Rats in UK compost pile

The International Compost Sanitation Forum and Message Board: Humanure Composting Around the World: Rats in UK compost pile
Author: Demeter (Demeter)
Friday, March 30, 2012 - 1:00 am
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The problem with rats is that the compost bin isn't the only place they might live. They are very inquisitive and they explore quite a territory. That's why they are efficient carriers for disease.
Remember Black Death?

Author: Nancybeetoo (Nancybeetoo)
Thursday, March 29, 2012 - 12:30 pm
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Perhaps you could try a contained system like http://www.omick.net/composting_toilets/bucket_barrel_toilet.htm

When the barrel is full and has worked for a few months- then add it to the pallet compost bin. There might still be rats in the compost bin but it doesn't matter if no human pathogens are left in the material from the barrel.

Author: Joncro55 (Joncro55)
Wednesday, March 28, 2012 - 11:21 am
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Wire Mesh and Hardware Cloth are the best bet to use here. Maybe even consider using 2 seperate layers underneath one another. If the rats see something like a 4 x 4 mesh - seen here: http://www.bwire.com/ and then maybe like a 20 x 20 wire mesh underneath it, you will have double the protection. As far as rusting, consider using stainless steel, this material will be much mroe durable and will not rust or be chewed through.

Author: Test2 (Test2)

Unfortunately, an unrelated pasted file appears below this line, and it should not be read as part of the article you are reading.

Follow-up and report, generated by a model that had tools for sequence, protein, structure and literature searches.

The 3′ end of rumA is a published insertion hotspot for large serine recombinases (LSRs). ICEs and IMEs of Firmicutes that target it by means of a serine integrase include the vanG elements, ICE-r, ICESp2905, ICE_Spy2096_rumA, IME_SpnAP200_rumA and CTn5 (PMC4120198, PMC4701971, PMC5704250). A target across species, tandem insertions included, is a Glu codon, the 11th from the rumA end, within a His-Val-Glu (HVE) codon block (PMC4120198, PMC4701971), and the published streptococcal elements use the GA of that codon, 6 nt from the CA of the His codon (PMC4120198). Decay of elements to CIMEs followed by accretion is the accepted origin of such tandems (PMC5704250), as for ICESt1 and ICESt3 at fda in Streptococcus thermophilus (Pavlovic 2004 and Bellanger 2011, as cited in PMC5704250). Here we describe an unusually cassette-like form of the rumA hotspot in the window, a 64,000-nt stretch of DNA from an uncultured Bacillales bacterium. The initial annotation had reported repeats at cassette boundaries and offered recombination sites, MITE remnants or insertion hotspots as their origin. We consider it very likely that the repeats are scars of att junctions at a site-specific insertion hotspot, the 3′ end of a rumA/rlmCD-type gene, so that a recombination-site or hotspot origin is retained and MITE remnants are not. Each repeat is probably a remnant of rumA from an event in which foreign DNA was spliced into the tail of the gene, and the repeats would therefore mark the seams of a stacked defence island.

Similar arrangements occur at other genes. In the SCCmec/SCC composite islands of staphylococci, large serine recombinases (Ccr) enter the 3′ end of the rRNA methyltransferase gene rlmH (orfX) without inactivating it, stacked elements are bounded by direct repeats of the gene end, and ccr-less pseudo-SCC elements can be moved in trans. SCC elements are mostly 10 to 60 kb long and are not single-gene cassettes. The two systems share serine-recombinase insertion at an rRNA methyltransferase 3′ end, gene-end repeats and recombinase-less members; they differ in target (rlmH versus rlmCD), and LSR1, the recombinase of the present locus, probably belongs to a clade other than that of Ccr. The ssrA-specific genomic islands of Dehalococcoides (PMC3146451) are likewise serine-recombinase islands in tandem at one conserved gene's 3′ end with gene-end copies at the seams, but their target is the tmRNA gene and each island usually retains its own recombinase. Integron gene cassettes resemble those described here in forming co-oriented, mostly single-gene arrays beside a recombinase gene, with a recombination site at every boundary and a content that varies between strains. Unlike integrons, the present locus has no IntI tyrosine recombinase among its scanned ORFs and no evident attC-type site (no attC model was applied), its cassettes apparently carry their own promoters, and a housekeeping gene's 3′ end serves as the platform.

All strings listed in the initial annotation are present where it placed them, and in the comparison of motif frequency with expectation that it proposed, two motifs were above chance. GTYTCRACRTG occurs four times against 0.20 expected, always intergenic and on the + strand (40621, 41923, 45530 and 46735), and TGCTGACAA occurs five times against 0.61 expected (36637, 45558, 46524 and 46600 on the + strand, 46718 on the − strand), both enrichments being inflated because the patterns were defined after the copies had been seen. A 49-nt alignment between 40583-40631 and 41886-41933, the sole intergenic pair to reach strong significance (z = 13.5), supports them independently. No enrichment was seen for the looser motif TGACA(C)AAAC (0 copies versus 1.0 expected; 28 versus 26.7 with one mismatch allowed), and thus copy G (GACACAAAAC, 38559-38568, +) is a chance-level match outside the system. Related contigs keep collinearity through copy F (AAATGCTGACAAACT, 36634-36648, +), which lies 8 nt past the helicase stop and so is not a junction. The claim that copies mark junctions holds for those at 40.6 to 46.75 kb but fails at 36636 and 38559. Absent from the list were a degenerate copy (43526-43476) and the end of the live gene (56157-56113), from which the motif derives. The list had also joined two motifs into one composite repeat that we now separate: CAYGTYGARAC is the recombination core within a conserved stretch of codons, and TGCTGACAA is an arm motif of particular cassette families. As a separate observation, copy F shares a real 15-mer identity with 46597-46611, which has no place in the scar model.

Thursday, March 22, 2012 - 7:52 pm
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Its not good to have flies and rats around the pile - they can potentially spread disease and be a menace, especially in a city environment.

1) You can try Demeter's suggestion and see what happens. Based on my experience, I think he is on the right track.

2) Sounds like rat traps, may not work in your situation - but if you can put inverted flower pots over baited rat traps (drill say a 2 inch hole on the rim of the pot for their entrance), you may be able to catch a few. Wear rubber gloves when touching the traps to avoid human scenting the traps. Bait - cheese, peanut butter, nuts, carrot, meat ... try a variety and see what works.

3) A compost bin made of hardware cloth (wire mesh say a quarter inch by quarter inch holes), can usually stop them. Tops, bottoms and sides must be in mesh. Its alot of work and expense. Even so, some very persistant rats have been known to chew thru even hardware cloth !. Besides, the mesh will eventually rust enough (my guess is three -four years) and then they have a good chance to get in again.

Author: Demeter (Demeter)
Wednesday, March 21, 2012 - 4:56 pm
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Rats are very clever animals with an acute sense of smell. They are probably after the kitchen scraps, not the humanure. I would suggest processing the kitchen scraps in an indoor facility, such as a worm tower, before adding the worm castings to the outdoor pile.

Author: Beelci (Beelci)
Wednesday, March 21, 2012 - 1:23 pm